The always compelling Atul Gawande wrote similarly about this concept in his New Yorker piece, Desperate Measures, where he writes about legendary physicians who practiced to the beat of their own drummer, convinced they had invented a new way and, ultimately finding that they did in fact change the course of medicine, by hearing something new in their heads that denied what always was. These clinicians’ decisions to play on despite early failure ultimately led to the re-writing of conventional wisdom about surgery, medication use, and other approaches to treatment that are now commonly accepted today and set the stage to change the course of medical history
In the diagnostics world we are now seeing some new thinking that may radicalize and hopefully will change the course of how medicine is performed today. We are witnessing dramatic evolution in the use of genomics, microbiomics, and especially patient-reported data, all fields which once were thought either impossible (in the case of the former) or uncompelling (in the case of the latter). We are seeing breakthroughs in home testing that may render traditional lab models obsolete.
And across all of these approaches we are watching the emergence of data analytics that may make the way we perform diagnosis a totally new endeavor. There is an increasing recognition that not even the most brilliant doctor can know everything about a patient or keep every possible diagnosis or pathway in his or her head. Educated and experienced as one may be, it is too easy to see one’s patient through experience-colored glasses when one’s own experience may not hold the answer to the question. History is not always derived from the past but sometimes from new breakthroughs that change its course.
Broad-based analytics platforms can eat all of the data that there is about people–their medical history, others’ medical histories, clinical and disease pathways, patient’s own experiential reports both input and blue-toothed–and find their way to new hypotheses. Certainly this is the promise promoted by IBM’s Watson and so many others’ products: by being essentially all-knowing and without bias, diagnosis can become patient-centric and personalized in a way it has never been before. Of course the inputs are not pure—pathways and algorithms are themselves devised with the biases of their creators—but the sheer volume of data and knowledge that can be synthesized, analyzed and understood through these platforms could make a meaningful difference in those diagnosis mistakes if we can just find a way to put the tool in the hands of the clinician when they are standing face to face with the patient. This must be a just-in-time and real-time endeavor.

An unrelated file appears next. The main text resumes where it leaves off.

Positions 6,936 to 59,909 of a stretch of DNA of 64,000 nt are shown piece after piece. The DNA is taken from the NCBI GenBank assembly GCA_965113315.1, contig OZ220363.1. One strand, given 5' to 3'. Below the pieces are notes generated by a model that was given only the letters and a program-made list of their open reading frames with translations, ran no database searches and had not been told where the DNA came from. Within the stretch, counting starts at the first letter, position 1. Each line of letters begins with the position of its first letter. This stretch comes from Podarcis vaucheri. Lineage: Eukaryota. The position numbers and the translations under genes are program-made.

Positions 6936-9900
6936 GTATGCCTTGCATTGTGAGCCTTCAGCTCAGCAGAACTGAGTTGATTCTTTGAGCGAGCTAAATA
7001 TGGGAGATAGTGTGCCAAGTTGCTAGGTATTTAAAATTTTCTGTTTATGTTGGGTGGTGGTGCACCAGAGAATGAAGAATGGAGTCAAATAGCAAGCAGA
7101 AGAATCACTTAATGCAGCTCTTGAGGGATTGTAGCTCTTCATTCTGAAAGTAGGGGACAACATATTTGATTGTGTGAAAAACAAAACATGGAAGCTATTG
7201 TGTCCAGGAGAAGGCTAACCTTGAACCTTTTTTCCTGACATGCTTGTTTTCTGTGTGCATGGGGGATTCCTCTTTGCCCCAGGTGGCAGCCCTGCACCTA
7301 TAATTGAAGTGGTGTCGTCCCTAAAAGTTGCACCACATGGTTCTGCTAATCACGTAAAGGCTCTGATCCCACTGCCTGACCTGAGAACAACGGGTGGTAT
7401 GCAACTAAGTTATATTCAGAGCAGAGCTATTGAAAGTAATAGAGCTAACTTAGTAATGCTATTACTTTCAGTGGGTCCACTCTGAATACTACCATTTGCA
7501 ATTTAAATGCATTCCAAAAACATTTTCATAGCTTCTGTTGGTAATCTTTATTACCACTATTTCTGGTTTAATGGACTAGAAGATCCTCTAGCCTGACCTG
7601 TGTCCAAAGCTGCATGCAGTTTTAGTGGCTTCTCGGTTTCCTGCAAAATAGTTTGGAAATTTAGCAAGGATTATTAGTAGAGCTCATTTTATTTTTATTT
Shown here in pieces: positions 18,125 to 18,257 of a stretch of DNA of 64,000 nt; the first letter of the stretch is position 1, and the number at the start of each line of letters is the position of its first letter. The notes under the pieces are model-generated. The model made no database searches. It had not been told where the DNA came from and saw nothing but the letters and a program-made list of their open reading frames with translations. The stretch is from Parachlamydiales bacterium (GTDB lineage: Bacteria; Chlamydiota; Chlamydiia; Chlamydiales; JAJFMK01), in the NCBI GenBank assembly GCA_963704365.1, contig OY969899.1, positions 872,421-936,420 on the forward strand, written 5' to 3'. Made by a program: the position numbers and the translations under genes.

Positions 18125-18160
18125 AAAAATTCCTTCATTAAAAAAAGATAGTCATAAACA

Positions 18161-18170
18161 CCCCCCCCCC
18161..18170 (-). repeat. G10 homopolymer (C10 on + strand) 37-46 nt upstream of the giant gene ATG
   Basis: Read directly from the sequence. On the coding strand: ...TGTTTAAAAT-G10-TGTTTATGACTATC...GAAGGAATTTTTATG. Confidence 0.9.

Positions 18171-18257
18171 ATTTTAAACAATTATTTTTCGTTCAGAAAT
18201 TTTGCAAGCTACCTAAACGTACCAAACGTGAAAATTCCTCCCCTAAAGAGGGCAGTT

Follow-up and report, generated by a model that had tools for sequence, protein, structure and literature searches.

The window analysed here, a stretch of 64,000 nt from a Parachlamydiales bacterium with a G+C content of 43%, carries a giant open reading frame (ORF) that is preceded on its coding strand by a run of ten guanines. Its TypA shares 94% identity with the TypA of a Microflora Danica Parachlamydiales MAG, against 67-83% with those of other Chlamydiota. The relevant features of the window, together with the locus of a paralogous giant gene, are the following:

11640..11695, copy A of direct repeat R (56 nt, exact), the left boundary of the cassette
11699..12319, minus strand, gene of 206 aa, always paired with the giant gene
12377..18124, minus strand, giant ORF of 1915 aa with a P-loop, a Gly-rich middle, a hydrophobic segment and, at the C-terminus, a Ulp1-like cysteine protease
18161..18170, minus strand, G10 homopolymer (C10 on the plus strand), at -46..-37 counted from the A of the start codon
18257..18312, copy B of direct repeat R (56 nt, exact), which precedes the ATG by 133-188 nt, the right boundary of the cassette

Marcus picks out “Money Changes Everything” as one of the top 10 songs that changed rock and roll, and it’s an apt theme song for medicine as well, for better or for worse. Those who bear financial risk, particularly those new to that endeavor, are starting to hear the siren song that analytics can play for them. As our government and other payers start paying not just for “performance,” whatever that is, but for “outcome,” aka: right diagnosis, right treatment (as defined by both patient and clinician), right result (also defined by both patient and clinician), right cost, we will see more and more adoption of these tools.
By the time our system becomes truly financially aligned, and that may take a while, I expect the tools will catch up with the beat of patient care. But for now, patient beware. The great jazz musician Charlie Parker once said, “Music is your own experience, your thoughts, your wisdom.” In my view, you must look upon your health status the same way. Don’t cede the role of conductor to others; be an active player in writing and defining your medical history, even if it does not tell the story others expect.